Table of Contents
- 1 1. Consider Your Competition
- 2 2. Consider Your Professional Background
- 3 3. Consider Your Other Traits
- 4 What's Next?
- 5 Complimentary MBA Consultation & CV Review
The process of finding the best MBA school may seem complicated because there are so many aspects to consider. In practice, what specific aspects need to be taken into consideration?
Your goal is to find a school that gives you the best return on your investment, not only in terms of personal growth but also in terms of demonstrating value to your current employer or future employers.
Here are three important factors you should keep in mind whenever you are deciding whether or not to join an MBA program.
1. Consider Your Competition
If you work at BCG, your competition is other applicants from similar consulting firms. You’re not directly competing with someone who works in a tech company or a financial institution.
Having things in your application that help you stand out from other people in your field will be helpful.
If you are an international applicant applying to the US, the competition is generally more difficult than if you are an American applying to the US.
So, you would want your GMAT score to be higher than the average GMAT score at your target schools.
If you come from a country with many applicants (India, China, etc), it’s even more difficult, and you would still want the GMAT score to be higher (tip: attend our next MBA Application Workshop For Asian Candidates to get some ideas on how to stand out)
In contrast, coming from a not-so-well-represented country in US b-schools (for example, Lithuania, Greece, Paraguay, Laos, Morocco, etc.), you don’t necessarily need to have as high a GMAT score because schools want a diverse cohort.
Standing out from your citizenship category is also helpful. If you’re Indian but worked in Latin America and speak Korean, Spanish, and Portuguese, you’ll stand out against the pool of Indian applicants.
2. Consider Your Professional Background
Age VS Experience
MBA programs will take your working experience into account for your application.
With 6+ years of work experience, your GMAT may not need to be as high as someone with just a few years, since they are more recent graduates with less work experience to evaluate.
To demonstrate your academic potential to business schools, your GMAT score should be exceptionally high if you did not do well in your undergraduate program.
A higher GPA from another course, such as a master’s, will help significantly.
B-schools like to see a dynamic career trajectory.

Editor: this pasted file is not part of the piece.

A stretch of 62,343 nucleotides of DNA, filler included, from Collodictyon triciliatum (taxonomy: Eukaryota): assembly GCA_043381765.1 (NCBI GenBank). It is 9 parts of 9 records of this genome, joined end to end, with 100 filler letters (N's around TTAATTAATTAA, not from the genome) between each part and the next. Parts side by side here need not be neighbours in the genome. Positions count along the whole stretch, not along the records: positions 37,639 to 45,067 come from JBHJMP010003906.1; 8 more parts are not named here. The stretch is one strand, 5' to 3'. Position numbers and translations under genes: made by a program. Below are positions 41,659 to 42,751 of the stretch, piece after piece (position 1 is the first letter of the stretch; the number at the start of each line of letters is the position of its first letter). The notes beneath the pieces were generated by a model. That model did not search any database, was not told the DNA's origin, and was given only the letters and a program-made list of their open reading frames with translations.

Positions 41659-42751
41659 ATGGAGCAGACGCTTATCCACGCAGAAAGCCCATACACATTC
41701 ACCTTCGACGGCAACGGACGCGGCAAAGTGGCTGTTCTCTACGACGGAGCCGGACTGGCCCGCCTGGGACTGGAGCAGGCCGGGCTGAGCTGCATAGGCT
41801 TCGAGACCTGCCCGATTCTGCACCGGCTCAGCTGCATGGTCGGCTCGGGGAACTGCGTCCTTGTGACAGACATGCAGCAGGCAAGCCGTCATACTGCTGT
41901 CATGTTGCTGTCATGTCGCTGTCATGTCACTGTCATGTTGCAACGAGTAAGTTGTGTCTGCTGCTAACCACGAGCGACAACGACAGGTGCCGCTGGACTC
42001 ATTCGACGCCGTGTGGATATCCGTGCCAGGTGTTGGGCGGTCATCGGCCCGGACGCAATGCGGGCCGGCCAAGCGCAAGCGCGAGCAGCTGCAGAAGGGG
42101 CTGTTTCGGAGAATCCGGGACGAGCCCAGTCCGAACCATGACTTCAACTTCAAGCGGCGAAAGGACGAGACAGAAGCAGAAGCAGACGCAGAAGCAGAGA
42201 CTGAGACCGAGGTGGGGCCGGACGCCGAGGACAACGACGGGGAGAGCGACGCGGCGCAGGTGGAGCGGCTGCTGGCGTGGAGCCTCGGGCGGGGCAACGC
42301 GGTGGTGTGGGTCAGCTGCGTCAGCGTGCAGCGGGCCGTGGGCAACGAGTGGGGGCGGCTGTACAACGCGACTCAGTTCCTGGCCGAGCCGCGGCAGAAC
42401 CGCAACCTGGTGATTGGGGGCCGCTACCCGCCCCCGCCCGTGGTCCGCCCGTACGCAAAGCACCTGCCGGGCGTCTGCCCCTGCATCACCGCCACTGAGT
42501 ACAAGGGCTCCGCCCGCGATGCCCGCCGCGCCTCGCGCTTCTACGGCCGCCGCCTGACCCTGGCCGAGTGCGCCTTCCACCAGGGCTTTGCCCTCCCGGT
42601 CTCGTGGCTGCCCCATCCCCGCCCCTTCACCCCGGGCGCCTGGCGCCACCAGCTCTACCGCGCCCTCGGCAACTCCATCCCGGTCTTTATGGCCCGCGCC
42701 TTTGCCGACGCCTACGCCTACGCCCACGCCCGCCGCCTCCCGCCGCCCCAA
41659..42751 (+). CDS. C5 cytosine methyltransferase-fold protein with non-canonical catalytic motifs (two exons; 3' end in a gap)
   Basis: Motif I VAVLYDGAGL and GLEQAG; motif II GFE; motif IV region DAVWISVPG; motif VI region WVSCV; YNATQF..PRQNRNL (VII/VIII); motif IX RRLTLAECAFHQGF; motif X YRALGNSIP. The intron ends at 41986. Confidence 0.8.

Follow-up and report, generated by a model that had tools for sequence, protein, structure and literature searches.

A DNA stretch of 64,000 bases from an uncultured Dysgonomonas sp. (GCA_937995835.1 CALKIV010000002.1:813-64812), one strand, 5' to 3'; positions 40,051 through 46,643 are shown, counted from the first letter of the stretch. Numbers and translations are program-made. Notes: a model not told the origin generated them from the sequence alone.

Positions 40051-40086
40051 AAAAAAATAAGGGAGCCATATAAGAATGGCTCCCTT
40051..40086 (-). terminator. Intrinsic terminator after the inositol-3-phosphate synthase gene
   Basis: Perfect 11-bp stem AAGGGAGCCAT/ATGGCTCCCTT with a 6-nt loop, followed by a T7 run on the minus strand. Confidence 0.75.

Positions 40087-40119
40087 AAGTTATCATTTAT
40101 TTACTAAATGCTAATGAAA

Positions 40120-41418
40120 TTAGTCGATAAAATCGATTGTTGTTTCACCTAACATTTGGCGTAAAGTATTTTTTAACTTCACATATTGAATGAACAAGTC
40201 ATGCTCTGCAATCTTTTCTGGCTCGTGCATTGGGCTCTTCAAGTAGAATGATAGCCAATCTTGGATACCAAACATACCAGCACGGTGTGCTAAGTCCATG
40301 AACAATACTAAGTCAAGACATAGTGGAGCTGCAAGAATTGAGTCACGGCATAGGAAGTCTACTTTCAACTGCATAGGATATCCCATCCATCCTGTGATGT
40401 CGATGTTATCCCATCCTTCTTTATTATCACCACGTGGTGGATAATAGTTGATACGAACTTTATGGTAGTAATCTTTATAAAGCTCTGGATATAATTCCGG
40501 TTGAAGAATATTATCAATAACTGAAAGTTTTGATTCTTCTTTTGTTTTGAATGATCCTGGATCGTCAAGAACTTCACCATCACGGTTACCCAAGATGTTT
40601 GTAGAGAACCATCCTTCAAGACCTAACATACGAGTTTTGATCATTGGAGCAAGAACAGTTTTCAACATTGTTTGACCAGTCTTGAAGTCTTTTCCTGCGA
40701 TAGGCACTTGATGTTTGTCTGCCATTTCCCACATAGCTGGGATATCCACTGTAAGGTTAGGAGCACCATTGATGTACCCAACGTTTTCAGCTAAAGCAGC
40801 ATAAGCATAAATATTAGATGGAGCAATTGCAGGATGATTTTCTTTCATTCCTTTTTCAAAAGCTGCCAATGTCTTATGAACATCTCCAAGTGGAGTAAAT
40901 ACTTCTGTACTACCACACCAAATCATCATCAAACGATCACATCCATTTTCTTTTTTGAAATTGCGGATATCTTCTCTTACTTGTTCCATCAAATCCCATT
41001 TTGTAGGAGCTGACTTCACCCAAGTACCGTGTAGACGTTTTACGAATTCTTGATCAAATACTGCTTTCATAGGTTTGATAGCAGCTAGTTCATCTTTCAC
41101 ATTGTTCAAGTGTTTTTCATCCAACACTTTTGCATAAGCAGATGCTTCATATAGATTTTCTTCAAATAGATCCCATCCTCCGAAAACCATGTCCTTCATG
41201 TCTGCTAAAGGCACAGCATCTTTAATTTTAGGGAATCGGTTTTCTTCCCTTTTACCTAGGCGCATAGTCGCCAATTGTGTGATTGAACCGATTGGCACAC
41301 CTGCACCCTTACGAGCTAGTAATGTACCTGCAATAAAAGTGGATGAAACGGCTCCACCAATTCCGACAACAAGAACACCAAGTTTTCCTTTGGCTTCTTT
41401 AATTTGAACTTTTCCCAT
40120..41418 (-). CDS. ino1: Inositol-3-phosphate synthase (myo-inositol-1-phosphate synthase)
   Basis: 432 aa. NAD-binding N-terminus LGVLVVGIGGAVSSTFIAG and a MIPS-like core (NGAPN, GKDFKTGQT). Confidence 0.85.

Did you get promoted every year or two? If not, think about how you can show you are adding to the responsibilities at work.
3. Consider Your Other Traits
There is a tendency for competitive MBA programs in the US to require applicants to have some kind of global perspective-whether they studied abroad, worked abroad, learned another language, or worked with teams or clients abroad.
Even though it’s not a formal requirement, it can help you stay competitive.
Do you have any management experience under your belt?
Did you address people indirectly, even if you didn’t manage them directly? Perhaps you manage projects, products, accounts, clients, or relationships.
It is possible to demonstrate management skills in a variety of ways – so get creative!
Taking charge of a team, training or mentoring others, spearheading projects or initiatives, or starting and running your own company are all examples of leadership.
Business schools are interested in applicants who have leadership experience and have learned about themselves as leaders. If you think your profile in this area is weak, try building on it and/or applying to programs with lower competition.
Your MBA application could be difficult if you didn’t work with others during your work life.
Highlight teamwork outside of work in that case – volunteering, university activities, etc. What have you done to demonstrate your ability to work well with others?
For business schools, this is crucial, so make sure your profile demonstrate this aspect.
Aside from the aforementioned factors, there are also other factors that might affect your application, depending on which MBA program you are applying to.
MBA applications can have very different paths to success, even among applicants with the same profile.
To give your MBA application a competitive edge, consider getting a CV review and MBA consultation from our MBA admissions experts.